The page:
The European Union has backed an agreement between Finnair and the Finnish government that will see the flag carrier of Finland receive a hybrid loan of up to €400 million (~$448 million). The deal was signed between the state and the airline on March 17th.
According to a statement shared this week, the EU Commission’s competition authority approved the arrangement in line with the European Union’s state aid customs. The financial support comes on the back of the unprecedented impact that the pandemic has caused on the aviation industry. As a result of the dire conditions, Finnair has been reporting notable losses amid ongoing travel restrictions and related flight suspensions.
Of the credit limit, around €350m (~$418m) can be used by Finnair based on the state aid decision made by the EC earlier this month. The airline can access the funds if its cash or equity position falls below the limits “to be defined in the facility’s terms and conditions.” Moreover, the remaining approximately €50m (~$60m) share will be brought to approval by the Commission in the future.
Finnair CEO Topi Manner shared his thoughts about the financing. The executive is thankful for the support affirms that his airline will remain focused to rise above the challenges.
“Through comprehensive and timely financing actions we have sought to secure a clear path for Finnair out of the pandemic. We are grateful for this important support by the State owner. The now approved hybrid loan is an important step in ensuring financial stability of Finnair even in a situation where the traffic recovery would start later than expected,” shares Manner in the statement.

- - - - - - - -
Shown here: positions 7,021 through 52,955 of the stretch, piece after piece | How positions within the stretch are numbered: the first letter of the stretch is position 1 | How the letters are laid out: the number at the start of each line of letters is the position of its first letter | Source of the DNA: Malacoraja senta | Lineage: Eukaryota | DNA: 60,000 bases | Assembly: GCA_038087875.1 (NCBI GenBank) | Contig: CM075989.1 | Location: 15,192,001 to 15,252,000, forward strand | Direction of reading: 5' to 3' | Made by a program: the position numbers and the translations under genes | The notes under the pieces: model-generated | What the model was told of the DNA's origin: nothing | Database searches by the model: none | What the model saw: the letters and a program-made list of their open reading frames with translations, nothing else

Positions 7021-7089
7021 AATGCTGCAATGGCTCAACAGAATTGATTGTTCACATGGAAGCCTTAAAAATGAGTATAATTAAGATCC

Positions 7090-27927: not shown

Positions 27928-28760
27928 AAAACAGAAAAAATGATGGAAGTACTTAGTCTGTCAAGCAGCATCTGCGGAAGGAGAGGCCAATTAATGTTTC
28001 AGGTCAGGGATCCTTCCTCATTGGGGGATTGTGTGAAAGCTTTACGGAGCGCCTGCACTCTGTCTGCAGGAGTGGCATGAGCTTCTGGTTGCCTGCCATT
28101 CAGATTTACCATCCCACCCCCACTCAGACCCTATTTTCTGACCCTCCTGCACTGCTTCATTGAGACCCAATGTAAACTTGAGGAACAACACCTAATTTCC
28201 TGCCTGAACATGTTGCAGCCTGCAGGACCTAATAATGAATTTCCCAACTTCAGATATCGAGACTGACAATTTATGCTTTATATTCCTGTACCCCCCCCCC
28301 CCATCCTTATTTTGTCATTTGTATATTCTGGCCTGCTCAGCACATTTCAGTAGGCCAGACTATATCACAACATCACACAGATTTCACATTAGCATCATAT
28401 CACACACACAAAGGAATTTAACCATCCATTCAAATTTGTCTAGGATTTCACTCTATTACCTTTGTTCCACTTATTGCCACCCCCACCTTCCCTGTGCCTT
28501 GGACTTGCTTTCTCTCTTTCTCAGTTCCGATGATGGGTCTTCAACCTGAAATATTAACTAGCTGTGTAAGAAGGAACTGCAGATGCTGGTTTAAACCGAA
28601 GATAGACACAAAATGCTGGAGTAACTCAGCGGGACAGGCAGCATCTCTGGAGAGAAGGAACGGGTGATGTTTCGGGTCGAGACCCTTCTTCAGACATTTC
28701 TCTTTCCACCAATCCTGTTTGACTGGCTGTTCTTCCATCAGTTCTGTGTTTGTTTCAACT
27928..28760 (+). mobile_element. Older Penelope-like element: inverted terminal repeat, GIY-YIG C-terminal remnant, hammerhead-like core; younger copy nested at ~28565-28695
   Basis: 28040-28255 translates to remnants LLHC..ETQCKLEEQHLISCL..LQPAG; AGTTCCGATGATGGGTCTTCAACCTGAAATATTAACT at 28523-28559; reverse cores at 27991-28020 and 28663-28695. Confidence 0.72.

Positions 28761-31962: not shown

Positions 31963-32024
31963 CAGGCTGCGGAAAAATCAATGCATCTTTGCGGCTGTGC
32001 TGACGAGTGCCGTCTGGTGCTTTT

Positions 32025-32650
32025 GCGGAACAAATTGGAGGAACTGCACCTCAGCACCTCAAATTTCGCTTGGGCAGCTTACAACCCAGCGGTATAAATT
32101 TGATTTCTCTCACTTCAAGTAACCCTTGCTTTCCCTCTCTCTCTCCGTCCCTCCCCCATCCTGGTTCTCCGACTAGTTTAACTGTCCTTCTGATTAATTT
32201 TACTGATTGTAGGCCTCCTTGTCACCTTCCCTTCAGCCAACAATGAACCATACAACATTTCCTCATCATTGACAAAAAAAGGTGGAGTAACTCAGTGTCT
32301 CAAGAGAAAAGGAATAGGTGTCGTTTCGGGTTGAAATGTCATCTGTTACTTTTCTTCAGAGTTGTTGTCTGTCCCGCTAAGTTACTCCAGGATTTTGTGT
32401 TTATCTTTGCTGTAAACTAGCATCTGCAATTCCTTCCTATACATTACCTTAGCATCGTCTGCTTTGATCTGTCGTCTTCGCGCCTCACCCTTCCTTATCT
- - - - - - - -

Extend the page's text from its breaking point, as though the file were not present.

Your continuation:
“We continue to work to enhance our cost structure and secure our competitiveness, in order to be able to implement our strategy in the post pandemic, highly competitive market.”
Following the catalyzing of the virus last spring, Finnair shared that it was losing approximately €2m (~$2.39m) per day. Subsequently, by fall, its revenues were falling by 89%. In a bid to help solidify the firm’s financial position, it announced last month that it plans to buy back $2.2m (~$2.63m) of its shares.
Altogether, at the end of 2020, Finnair’s equity was €896.6m (~$1bn). Meanwhile, its cash reserves were at €823.7m (~$984.20m). The company will nonetheless be hoping for a better climate this summer as the global health crisis continue to take its toll on the industry. The carrier told Simple Flying that it is confident that its core markets will bounce back.
What are your thoughts about Finnair signing an agreement with the government of Finland to secure a hybrid loan? Do you feel that this is a good move for the carrier? Let us know what you think of the situation in the comment section.